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Bruins Leave No Doubt As They Punch Ticket To Omaha With 8-1 Win

Rob Rasmussen saved his best start of his career for the biggest game of his career (Photo Credit: Official Site)
Rob Rasmussen saved his best start of his career for the biggest game of his career (Photo Credit: Official Site)

Yesterday, they stared elimination down. With just one out separating UCLA from the end of their season on Saturday the Bruins battled back thanks to a Tyler Rahmatulla home run and some 10th inning heroics. On Sunday, in game three of the Super Regional versus Cal St. Fullerton with the winner moving on to the College World Series, UCLA left the drama behind with a comfortable 8-1 victory. The win over Fullerton, the team that has had the program's number for decades, send the Bruins to Omaha for their first College World Series appearance since 1997 and only the third in school history.

Prior to yesterday's contest, UCLA was 1-7 versus Cal St. Fullerton in the postseason and had been eliminated all three times that the two teams faced off. The program's 3-7 current record versus the Titans isn't much to write home about either, but the 2010 Bruins went 2-1 versus the Southern California power, which is good enough to keep their season going. Taking down the Titans is just another school first or record that this year's UCLA team has set and when they open their College World Series account versus Florida on Saturday or Sunday, they will look for more history with the program's first College World Series win.

One player made sure to point out the Bruins' history versus the Titans. Rob Rasmussen was a freshman in 2008 when Fullerton knocked the Bruins out of the Regionals and he made no bones about wanting another crack at them. The left-hander got his wish and he made it count on Sunday night in the biggest start of his career. Rasmussen surrendered a run in the first inning, but that's all he would surrender. Before walking the lead off man in the ninth inning, the junior had retired 15 straight Titans. By the time he got the final out and tossed his glove into the air, Rasmussen has thrown a complete game two-hitter, having allowed just one run and striking out nine.

As has been the case all postseason, Beau Amaral led the charge for the Bruin offense. The freshman went 3-4 with three runs and three RBI, including a three-run home run to bump his postseason batting average to .417. Niko Gallego went 2-4 with a run and RBI, while Steve Rodriguez had a hit and scored twice. Tyler Rahmatulla chipped in with a 2-4, one RBI game and Cody Regis with 2-4 with a RBI as part of a 12 hit team effort.


With head football coach Rick Neuheisel and UCLA hall of famer Eric Karros in the crowd, along with the buzz of an anxious crowd, it was clear from the start that this was a big game and the Bruin fans had reason to worry early because Rasmussen's first inning looked nothing like his next eight. A lead off single got the Titan first going and then Rasmussen hit a batter to put two on. A fly ball to center allowed the runner at second to tag and take third so a ground out to second scored the game's first run.

Neither team threatened much again until UCLA grabbed their bats in the third. A one out single by Gallego to center got the Bruins going and then the junior stole both second and third for his fourth and fifth stolen bases of the Super Regional. In between the stolen bags, Steve Rodriguez walked to put men on first and third. Amaral came to the plate and fell behind in the count, but hit an 0-2 pitch into right field for a RBI single to tie the game at 1-1. Rahmatulla followed with a hard liner to the warning track in dead center, but the Fullerton center fielder settled underneath it. Then, the center fielder inexplicably dropped the ball, seeing it hit his glove then fall to the ground. Both Rodriguez and Amaral were running on contact and hustled all the way around to score for a 3-1 UCLA lead.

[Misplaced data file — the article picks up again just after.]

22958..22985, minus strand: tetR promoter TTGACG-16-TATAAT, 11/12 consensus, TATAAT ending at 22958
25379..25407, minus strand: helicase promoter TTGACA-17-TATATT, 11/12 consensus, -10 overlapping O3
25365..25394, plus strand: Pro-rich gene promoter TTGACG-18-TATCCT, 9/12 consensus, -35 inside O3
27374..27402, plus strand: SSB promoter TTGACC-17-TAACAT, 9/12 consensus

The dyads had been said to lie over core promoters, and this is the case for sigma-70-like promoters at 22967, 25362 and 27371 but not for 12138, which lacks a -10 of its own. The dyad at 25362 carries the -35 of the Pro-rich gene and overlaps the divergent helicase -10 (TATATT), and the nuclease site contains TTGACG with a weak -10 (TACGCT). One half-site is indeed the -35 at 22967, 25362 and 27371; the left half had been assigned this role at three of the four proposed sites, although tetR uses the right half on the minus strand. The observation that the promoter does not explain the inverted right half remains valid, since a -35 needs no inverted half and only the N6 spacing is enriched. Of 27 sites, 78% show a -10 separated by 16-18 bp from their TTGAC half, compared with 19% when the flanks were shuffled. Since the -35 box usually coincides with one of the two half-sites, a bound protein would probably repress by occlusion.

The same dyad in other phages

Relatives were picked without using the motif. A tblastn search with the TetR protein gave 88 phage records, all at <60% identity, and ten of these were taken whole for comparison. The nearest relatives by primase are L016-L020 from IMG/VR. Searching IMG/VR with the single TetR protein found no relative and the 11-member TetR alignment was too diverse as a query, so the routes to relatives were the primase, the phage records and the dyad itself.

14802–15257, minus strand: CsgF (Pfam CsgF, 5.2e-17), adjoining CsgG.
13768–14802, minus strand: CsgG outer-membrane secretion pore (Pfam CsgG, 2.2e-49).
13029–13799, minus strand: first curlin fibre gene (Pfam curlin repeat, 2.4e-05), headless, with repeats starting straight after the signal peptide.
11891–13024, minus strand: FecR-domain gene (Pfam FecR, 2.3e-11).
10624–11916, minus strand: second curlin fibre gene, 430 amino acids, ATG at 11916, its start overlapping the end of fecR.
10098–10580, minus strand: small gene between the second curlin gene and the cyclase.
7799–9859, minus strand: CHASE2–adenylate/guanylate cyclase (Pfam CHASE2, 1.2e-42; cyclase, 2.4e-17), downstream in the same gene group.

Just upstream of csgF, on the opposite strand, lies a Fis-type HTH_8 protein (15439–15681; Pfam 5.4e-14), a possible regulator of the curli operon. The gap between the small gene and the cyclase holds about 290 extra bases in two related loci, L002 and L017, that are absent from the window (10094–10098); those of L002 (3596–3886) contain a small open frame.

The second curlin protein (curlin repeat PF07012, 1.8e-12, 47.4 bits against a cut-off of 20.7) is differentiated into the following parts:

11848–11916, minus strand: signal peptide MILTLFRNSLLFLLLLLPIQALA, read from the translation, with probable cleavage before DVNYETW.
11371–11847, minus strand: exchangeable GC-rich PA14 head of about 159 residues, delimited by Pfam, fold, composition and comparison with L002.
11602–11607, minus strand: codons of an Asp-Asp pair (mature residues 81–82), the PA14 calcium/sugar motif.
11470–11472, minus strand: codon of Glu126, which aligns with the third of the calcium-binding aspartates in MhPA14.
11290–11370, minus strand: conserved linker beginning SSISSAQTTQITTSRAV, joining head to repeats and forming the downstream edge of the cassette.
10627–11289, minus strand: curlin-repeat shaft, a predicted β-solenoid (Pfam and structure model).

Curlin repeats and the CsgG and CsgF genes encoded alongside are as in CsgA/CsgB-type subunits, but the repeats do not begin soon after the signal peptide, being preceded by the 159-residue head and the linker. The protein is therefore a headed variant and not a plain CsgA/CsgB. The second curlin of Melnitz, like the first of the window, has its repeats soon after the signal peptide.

In search of some insurance runs, UCLA finally got them in the sixth thanks to singles up the middle. With two outs, Regis singled up the middle and Chris Giovinazzo did the same. Of course, Jeff Gelalich had to roll one up the middle too and on his, Regis came around to score. Gallego got in on the fun too with a single up the middle that scored Giovinazzo, stretching the Bruins' lead to 5-1.

UCLA added to their lead in the seventh when Amaral singled to start the inning, took second on Blair Dunlap's sacrifice bunt and scored when Rahmatulla was able to yank a single into left for another run.

If there was any doubt in the ballgame, it went away in the eighth. Rodriguez doubled to right center with two outs, then Amaral turned on a 1-0 pitch and hit a hard liner that sent the Bruin faithful into a frenzy as it easily sailed over the fence in right field.

With a 8-1 lead, Rasmussen had no pressure, but runs three through eight were all unnecessary with the way that the southpaw was pitching. A lead off walk in the ninth ended Rasmussen's streak of 15 straight retired, but it didn't matter much. With two outs, Rasmussen got a fly ball to right field that Gelalich settled under and as soon as it hit his glove, Rasmussen's glove was in the air. The UCLA dugout emptied as the players poured on to the field for a dog pile on the infield, the Bruin fans roared with approval and UCLA's demons had been exorcised.

After the dog pile and hugs, the Bruin players and coaches lined up to shake hands with the Titan before returning to the third base side. There, they gathered, tipped their hats to the fans and led an eight clap that the throng of fans in blue in gold that had stuck around. Next up is a trip to Omaha where UCLA hopes to repeat their celebration and add another school record to their resume.